Posted by Harleycon5 [TypeKey Profile Page] | March 24, 2007 9:24 AM

One of the biggest problems with the entire Iraqi war strategy is not making Iran fear us early on. Any involvement in attacking our troops should have been met with an immediate and forceful reaction by President Bush where he promised "Immediate and dire consequences" should we meet Iranian involvement again. What we have now is Iran playing a game they think they already have won. Kill when you can, arm the insurgents, and wait. The President must make it clear that he is the Supreme military commander and dare congress to be labeled cowards. The problem is that this President has less control of the Bully pulpit than any in recent history. Would Ronald Reagan have avoided meeting the press if Iran attacked us? Of course not.
The lesson in all this is that the Press does hate the President and all Republicans, but a President can counter this with well presented words to them and the people. Why have we gotten to a stage where the only person we see is the press secretary? A President should not be encapsulated in the walls of the oval office.

Posted by NahnCee [TypeKey Profile Page] | March 24, 2007 1:41 PM

The Iraqis and Americans returned fire at that point, and they took no casualties. However, the forces were unable to account for a half-dozen Iraqis after the incident.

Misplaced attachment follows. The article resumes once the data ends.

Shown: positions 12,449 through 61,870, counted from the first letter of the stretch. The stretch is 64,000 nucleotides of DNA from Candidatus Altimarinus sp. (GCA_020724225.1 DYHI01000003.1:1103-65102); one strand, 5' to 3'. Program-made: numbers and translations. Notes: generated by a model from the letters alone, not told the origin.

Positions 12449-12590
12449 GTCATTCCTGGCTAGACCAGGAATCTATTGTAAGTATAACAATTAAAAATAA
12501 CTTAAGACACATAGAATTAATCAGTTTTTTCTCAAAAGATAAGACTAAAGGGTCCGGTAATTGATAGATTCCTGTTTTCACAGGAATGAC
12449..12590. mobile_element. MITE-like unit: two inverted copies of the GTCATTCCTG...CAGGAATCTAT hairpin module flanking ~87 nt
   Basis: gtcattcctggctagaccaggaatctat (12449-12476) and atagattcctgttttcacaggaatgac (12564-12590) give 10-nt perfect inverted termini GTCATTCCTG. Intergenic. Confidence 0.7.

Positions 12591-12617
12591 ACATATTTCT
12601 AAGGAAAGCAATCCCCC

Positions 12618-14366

They were trying to take American soldiers hostage. It was an ambush that went sour.

They took whatever soldiers they could back with them across the iranian border, but the ones they got were the wrong make and model. They may be being held as bargaining chips in the future, or they're dead.

Terrorists within Iraq have had bounties on American soldiers for years now. They want an ALIVE American soldier to parade in front of the cameras. It had never occurred to me before that perhaps Iran was the funding source for this request for an alive and kicking American soldier.

One wonders what the plan would be if they could get 15 American soldiers, instead of 15 Brit sailors. They have such a good history of successfully conducting hostage negotiations with American presidents, after all.

Posted by Walter E. Wallis [TypeKey Profile Page] | March 25, 2007 6:51 AM

Diplomacy without an "Or else" is a waste of time.We should start detaining Irani shipping, blockade their ports, confiscate their airliners when they land in the west, arrest their diplomats and confiscate their embassies, cancel their passports.
Then the second day...